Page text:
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review 2019-04-12 22:07
Supers (Supers #1) - Frédéric Maupomé
Oh, I’m definitely going to stick by this series. I really enjoyed this children’s graphic novel as it had a lot of great feels to it. An explosive beginning, an interesting and intriguing story and a conclusion that makes me want to read more.
This graphic novel begins with, literally a large building on fire. Someone is missing as the building goes up in flames. There are two masked individuals running around inside the building and suddenly, they hear something. Was it the person they were looking for? We don’t know, for the fire explodes and the story flashes back in time.
It’s now four days earlier and we’re introduced to Matt and his two younger siblings. They’ve all just had their first day at their new schools. They seem like typical children yet they’re not human. They’ve come from another planet and they’re trying to fit in. They’ve been abandoned by their parents and unfortunately, Matt is the only one who has memories of the parents.
Matt, Lily, and Benji also have special abilities. They would fit right in with the Super Heroes, if they could. There’s a conflict among the siblings on whether they should use their specials talents or not. What if the humans find out they have special abilities, what would be the complications? Is it worth it?
I found plenty to enjoy about this graphic novel. I thought the issues these siblings had to deal with were real and although the siblings were not human, the issues were ones that anyone could identify with: being new, being picked on, having siblings, having to weigh your options, and emotions. I also liked the ending of the novel; it was a nice cliffhanger. It wasn’t a huge one but one that intrigues me enough to want to pick up book #2. I also liked the sibling’s relationships. It wasn’t perfect. It was filled with tension, arguing, respect, fun and love. It felt real. The illustrations and the flow of the novel was fantastic. The novel had a nice feel to it and it was entertaining. I can’t wait to see what happens to Matt and his siblings in the next book in this series.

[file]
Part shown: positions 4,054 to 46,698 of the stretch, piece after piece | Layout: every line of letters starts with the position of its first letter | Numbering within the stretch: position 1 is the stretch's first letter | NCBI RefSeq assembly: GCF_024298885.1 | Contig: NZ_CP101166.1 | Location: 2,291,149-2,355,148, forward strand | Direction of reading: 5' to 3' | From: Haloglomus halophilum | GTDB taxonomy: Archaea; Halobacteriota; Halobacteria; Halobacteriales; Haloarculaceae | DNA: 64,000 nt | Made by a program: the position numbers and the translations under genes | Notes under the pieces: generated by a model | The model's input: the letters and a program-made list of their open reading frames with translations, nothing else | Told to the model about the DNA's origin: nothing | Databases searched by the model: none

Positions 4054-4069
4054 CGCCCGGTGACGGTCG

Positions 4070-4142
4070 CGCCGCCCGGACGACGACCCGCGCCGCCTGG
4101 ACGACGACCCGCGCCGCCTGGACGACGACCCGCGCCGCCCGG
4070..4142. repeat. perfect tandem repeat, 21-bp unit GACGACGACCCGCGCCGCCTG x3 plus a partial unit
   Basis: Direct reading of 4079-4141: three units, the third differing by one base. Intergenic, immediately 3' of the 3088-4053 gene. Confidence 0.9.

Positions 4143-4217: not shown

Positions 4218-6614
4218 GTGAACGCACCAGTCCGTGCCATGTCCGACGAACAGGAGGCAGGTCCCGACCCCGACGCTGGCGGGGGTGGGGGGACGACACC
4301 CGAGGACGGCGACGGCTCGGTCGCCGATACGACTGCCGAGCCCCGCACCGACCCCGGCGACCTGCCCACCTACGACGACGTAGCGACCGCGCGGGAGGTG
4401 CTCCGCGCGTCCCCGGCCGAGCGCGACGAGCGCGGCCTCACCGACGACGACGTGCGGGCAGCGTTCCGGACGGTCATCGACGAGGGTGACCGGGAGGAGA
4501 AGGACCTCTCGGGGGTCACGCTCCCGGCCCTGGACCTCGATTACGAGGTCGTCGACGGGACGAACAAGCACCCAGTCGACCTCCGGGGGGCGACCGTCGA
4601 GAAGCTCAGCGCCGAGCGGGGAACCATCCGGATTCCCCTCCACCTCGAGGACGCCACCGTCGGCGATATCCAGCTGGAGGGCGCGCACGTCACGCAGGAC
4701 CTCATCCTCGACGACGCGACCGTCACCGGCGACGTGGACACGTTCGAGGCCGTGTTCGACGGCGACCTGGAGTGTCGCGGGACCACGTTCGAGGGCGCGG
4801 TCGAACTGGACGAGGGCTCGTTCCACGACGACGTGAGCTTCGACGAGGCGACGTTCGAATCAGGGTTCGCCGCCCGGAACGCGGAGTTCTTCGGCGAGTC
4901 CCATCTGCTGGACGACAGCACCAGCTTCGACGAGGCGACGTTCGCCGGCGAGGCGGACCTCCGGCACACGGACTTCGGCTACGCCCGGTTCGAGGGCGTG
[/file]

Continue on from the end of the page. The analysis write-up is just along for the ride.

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review 2018-05-14 14:37
GREAT book, good narration
The Supers - Sean Michael The Supers - Sean Michael
Independent reviewer for Divine Magazine, I was gifted the AUDIO file of this book. Flynn joins Blaine's paranormal research group, and they visit an abandoned hospital. Things get real creepy and the guys are faced with a possession, a haunting a tragic love story and a twist I did not see coming! Another one of those books that kinda creeps up on ya and you have no idea, not a single clue about how its all gonna go down! While there is immediate attraction between Blaine and Flynn, it takes a while for them to act on it. The story of Room 204 builds at an even pace and there were points where I had to rewind, and double check that Blaine had in fact, called Flynn David. The story of Room 204 (that's how I heard it, with a capital R, if that makes sense!) did not play out how I was expecting it to! It's a little . . . fluffier. . . than other books I've read of Michael (Three Wishes) but it is a DreamSpun Beyond and they are generally so. Just enough heat and passion between Blaine and Flynn to keep the heat level high, but not scorching. Right for this book. Kenneth Obi narrates. Mostly, I enjoyed Obi's narration. His reading voice is clear and deep and he got over the emotions of Blaine and Flynn in all the right ways, in all the right places. His voice for the 204 ghost comes across as really REALLY nasty in some places, though, and that is probably why I did not see that ending coming at me.I thought the ghost was going to be a bit more vengeful. And the voices Obi gives to Blaine and Flynn are far too similar for my crappy hearing to make out the difference between them, so I struggled a bit keeping up with conversations between them BUT!!! I will give Obi another go, as this is the first of his work I listened to. 5 stars for the book 4 stars for the narration 4.5 (rounded down to 4) overall **same worded review will appear elsewhere**